It’s so exciting to be part of the launch celebrations for Don’t Mean a Thing by Renee Conoulty as I’ve been following Renee since I began blogging and now she’s a published author.
Not only do I have a guest post from Renee and an extract from Don’t Mean a Thing, but there’s a chance for you to enter to win a copy of Don’t Mean a Thing at the bottom of this blog post.
Don’t Mean a Thing
What if you finally took the lead, but life refused to follow?
Thirty-year-old introvert, Macie Harman, has finally found a career she is passionate about, and after months of training, she’s begun her new job in the Royal Australian Air Force. Leaving behind her family, friends, and the life she knew, Macie has travelled to the other side of the country where the only person she knows is Rachael, the extroverted girl she went through basic training with. Everywhere Macie goes, Rachael is there too.
While looking for a way to widen her circle of friends in her new town, Macie discovers a local swing dancing class. The jazz music captures her heart, and Matt, the sexy swing dancer, sweeps her off her feet. Matt has claimed the tropical Northern Territory as home and has no plans to leave. He loves his teaching career with its predictable routine and has a great bunch of friends. All he wants now is the right girl to make his house a home.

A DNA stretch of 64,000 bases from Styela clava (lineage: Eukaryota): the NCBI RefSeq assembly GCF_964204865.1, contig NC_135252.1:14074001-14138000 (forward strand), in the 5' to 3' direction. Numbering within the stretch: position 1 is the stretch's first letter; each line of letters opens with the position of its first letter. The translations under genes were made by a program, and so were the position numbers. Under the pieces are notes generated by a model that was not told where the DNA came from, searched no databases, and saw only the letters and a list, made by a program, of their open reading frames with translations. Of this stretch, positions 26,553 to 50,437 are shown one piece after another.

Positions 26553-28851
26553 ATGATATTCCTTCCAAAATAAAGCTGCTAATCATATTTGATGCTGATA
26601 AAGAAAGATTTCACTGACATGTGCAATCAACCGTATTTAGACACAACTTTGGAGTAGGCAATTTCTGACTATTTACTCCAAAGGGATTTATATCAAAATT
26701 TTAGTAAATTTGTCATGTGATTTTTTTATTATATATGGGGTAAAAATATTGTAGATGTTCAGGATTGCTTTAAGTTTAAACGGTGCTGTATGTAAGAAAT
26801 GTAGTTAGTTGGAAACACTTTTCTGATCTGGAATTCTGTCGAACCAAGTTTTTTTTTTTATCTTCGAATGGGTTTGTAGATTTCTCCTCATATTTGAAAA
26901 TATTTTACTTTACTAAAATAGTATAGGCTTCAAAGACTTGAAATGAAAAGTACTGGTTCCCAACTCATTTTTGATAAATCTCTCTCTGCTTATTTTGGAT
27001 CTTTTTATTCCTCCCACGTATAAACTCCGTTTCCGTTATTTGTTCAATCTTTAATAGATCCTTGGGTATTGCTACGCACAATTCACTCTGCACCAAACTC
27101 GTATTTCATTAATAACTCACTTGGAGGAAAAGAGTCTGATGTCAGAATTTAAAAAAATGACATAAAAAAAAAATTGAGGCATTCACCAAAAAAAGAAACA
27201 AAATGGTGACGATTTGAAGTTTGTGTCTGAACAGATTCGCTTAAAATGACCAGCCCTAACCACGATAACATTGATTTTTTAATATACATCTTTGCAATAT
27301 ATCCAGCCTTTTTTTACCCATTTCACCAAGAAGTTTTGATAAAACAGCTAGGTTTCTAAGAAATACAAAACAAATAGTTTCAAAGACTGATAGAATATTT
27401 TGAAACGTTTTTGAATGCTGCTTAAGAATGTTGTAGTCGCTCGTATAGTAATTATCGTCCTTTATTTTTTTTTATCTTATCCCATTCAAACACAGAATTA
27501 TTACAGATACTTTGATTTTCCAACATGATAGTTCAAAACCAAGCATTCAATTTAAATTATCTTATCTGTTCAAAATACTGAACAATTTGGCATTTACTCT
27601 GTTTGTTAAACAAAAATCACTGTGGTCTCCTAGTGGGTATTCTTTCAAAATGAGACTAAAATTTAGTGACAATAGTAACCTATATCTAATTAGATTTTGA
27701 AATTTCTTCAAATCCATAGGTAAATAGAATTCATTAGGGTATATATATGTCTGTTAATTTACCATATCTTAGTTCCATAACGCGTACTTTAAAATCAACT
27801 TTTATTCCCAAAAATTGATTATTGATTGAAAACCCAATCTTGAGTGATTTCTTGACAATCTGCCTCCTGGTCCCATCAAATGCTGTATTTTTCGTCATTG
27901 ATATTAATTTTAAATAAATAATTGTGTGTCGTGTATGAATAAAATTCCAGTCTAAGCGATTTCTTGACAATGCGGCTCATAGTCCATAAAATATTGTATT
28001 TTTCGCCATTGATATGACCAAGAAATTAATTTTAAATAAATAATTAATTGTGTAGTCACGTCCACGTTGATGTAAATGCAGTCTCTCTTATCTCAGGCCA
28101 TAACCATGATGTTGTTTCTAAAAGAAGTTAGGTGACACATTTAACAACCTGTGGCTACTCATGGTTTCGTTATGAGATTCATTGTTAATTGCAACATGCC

Military life is tougher than Macie expected, and not everyone can deal with the inevitable separations and last minute changes. Is this exciting but unpredictable life something Macie wants to fight for, or could she give it up and put down roots with Matt?
An Extract From Don’t Mean A thing
I stared out my window, trying to take it all in. Glimpses of a golf course. A bridge. Palm trees. Two rockets jutting up from the ground. Before I knew it, the taxi pulled into a parking space before the boom gate.
“You’ll have to walk from here, love. No taxis on the base.”
“That’s okay, I’ve got a lift.” I spotted Rachael waving from the car next to us. I passed him the military issued cab charge card and transferred my luggage into Rachael’s boot.
“Macie!” Rachael squealed, throwing her arms around me. Her blonde mane whipped into my face.“I hope you get a room in my block. Let’s go get your key.”
She shoved me towards the passenger side. I clambered in, pulling a strand of hair from my mouth. After presenting our ID cards to the security officer, Rachael drove on. The boom gate dropped behind us, closing off the civilian world.
Here we were, the Royal Australian Air Force Base Darwin, in the tropical Top End of the Northern Territory of Australia.
Rachael pulled up outside an older building.
“Here’s admin,” she said.
“Thanks. I’ll be back in a minute or two.”
“Don’t be silly. I’ll come with you and make sure you get a good room.”
Rachael trailed into the office behind me.
“Hello. Can I help you?” The receptionist greeted.
“Yes, please. I’m ACW Macie Harman. I’m posting in today, and I need to organise my accommodation and all the other things on this list.” I unfolded the joining instructions.